ZMG: Ziggurat Method Generator of Zero-Mean Gaussians

What is it?

A C-language function for generating pseudorandom variates from the standard normal distribution.

How Does it Work?

It generates the x coordinate of points uniformly drawn from the hypograph (i.e., the region under the curve) of the probability density function (pdf). The hypograph is covered with a union of equal-area rectangles (from which sampling x is very easy), nonuniform trapezoids (from which sampling is moderately easy), and a tail region (from which sampling is more complicated). Points that land outside of the hypograph are rejected. All of the details are provided in a technical report.

Is it Fast?

Yes! Very easy sampling (from a rectangle) occurs with probability 253/256, and all that is required to generate a sample is a uniformly distributed integer, some bit-shifting and masking, an integer comparison, a table lookup, and a single floating-point multiplication. Most of the rest of the time, sampling is performed efficiently in small trapezoidal regions with only a rare need to evaluate the pdf. Even more rarely (just once in every 3611 samples, on average) a point must be sampled from the tail (which, in this implementation, requires evaluation of logarithms and exponential functions).

Where Can I Download it?

Here. Since this package uses a PCG Random Number Generator, you will also need to download the C Implementation (not the minimal C Implementation) of the PCG family of pseudrandom number generators, available here.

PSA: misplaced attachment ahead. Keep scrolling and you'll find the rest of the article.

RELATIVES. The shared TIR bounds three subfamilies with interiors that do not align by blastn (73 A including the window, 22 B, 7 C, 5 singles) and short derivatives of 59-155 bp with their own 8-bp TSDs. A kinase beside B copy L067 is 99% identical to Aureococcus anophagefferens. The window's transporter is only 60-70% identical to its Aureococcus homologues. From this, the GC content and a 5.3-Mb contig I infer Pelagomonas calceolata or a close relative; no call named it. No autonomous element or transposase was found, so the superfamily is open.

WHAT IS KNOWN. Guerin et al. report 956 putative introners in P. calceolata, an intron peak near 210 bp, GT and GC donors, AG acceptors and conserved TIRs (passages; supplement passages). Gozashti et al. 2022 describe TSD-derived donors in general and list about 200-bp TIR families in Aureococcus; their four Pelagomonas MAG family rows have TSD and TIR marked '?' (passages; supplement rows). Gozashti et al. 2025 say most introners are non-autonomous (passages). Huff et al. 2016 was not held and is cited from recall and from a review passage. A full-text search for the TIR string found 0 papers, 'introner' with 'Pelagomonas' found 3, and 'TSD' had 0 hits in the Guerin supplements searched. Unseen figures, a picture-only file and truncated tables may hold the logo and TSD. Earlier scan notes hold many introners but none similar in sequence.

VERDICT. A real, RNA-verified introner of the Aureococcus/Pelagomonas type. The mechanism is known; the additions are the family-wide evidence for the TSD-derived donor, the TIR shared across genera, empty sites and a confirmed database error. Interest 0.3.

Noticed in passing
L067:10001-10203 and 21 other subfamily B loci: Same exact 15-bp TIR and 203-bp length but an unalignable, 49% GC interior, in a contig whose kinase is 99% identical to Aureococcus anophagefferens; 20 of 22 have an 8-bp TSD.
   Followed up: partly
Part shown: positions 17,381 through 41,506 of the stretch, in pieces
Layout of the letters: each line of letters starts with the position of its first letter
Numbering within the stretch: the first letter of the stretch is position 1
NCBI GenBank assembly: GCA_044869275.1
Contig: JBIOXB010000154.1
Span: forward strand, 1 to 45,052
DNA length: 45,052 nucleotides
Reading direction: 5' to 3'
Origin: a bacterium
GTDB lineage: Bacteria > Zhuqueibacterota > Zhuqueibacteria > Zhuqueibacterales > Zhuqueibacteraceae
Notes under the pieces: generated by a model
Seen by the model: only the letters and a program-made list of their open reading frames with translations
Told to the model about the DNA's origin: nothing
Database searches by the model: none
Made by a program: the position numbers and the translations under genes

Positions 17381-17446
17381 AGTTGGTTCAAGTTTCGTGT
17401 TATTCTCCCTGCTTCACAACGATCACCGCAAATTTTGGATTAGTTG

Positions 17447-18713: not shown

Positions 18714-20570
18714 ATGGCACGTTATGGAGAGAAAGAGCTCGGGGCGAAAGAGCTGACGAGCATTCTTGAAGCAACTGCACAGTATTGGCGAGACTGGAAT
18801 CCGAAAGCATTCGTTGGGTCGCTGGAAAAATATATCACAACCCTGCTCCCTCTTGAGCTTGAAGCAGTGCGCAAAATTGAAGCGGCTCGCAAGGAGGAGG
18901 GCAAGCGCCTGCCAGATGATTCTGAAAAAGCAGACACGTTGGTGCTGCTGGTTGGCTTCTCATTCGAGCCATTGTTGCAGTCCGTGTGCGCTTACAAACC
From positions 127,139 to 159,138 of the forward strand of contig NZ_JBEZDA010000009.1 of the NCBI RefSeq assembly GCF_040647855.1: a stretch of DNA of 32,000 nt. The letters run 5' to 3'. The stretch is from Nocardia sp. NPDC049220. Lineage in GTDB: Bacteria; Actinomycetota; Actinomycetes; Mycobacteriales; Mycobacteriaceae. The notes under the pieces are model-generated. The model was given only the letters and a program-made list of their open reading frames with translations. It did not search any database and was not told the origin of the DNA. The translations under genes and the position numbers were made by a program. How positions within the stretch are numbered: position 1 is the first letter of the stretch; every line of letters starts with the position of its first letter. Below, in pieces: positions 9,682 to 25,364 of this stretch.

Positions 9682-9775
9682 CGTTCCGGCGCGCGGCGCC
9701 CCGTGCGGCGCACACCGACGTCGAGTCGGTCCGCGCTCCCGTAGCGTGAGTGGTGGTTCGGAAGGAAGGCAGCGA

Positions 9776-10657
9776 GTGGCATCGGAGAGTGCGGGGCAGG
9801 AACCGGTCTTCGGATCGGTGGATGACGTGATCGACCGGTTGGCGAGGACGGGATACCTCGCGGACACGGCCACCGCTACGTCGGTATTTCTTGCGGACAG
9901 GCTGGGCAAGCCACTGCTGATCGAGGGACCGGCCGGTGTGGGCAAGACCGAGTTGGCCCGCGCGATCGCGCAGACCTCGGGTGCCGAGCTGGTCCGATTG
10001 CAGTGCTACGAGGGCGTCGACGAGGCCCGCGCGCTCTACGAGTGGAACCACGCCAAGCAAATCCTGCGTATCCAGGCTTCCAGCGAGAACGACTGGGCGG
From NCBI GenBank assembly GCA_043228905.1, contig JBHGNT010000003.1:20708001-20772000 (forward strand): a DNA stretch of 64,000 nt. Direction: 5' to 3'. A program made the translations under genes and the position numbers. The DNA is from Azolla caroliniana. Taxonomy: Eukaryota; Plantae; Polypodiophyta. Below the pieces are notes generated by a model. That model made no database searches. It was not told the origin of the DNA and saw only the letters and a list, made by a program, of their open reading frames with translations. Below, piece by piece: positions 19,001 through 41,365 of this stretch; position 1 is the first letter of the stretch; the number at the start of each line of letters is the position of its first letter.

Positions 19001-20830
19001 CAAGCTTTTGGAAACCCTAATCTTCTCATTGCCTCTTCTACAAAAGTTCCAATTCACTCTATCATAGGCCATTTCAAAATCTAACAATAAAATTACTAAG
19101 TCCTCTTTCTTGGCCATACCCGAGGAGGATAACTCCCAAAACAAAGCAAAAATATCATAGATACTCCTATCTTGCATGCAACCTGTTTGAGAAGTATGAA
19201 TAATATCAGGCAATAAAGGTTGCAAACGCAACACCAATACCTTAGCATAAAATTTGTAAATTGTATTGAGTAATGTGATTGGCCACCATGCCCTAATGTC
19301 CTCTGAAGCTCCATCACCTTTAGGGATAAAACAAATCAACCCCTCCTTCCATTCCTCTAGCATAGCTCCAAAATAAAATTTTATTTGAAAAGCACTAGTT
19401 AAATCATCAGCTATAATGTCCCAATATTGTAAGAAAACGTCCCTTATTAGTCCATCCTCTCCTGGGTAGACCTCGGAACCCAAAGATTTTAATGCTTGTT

After unzipping, simply follow the instructions in the file

Is it Easy to Use?

Yes! A complete user's guide can be found in the file supplied with ZMG. Here is a small working example, invoking zmgf, the float version. (There is also a slower double-precision version, called zmgd.)

#include <stdio.h>
#include "zmg.h"
#define N 1000000
int main()
   ZMG_STATE state;
   double x, m1, m2;
   int i;

   seedzmgf(&state);  /* seed with system entropy */
   m1 = m2 = 0.0;
   for (i=0; i<N; ++i)
      m1 += (x = (double)zmgf(&state));
      m2 += (x*x);
   printf("After %d trials:\n",N);
   printf(" 1st sample moment = %f (expect 0)\n",m1/N);
   printf(" 2nd sample moment = %f (expect 1)\n",m2/N);
   return 0;

Save the example shown above in a file called example.c, and make sure that your working directory contains zmgf.c, zmg.h, and pcg_variants.h (the latter is from the PCG package). Copy the the following into a Makefile. Then type make. This should successfully compile the example, leaving an executable ./example.

CC = gcc
CFLAGS = -Wall -O3 -flto
LIBS = -lm
%.o: %.c
	$(CC) -c $(CFLAGS) $<
example: example.o zmgf.o
	$(CC) $(CFLAGS) -o $@ $^ $(LIBS)
Note the use of the -flto flag, enabling link-time optimization. More examples can be found in the test subdirectory supplied with ZMG.


The author invites your comments and suggestions for improvement. Please send them to The author would also enjoy hearing about the use of ZMG in your project.
 © Frank R. Kschischang | about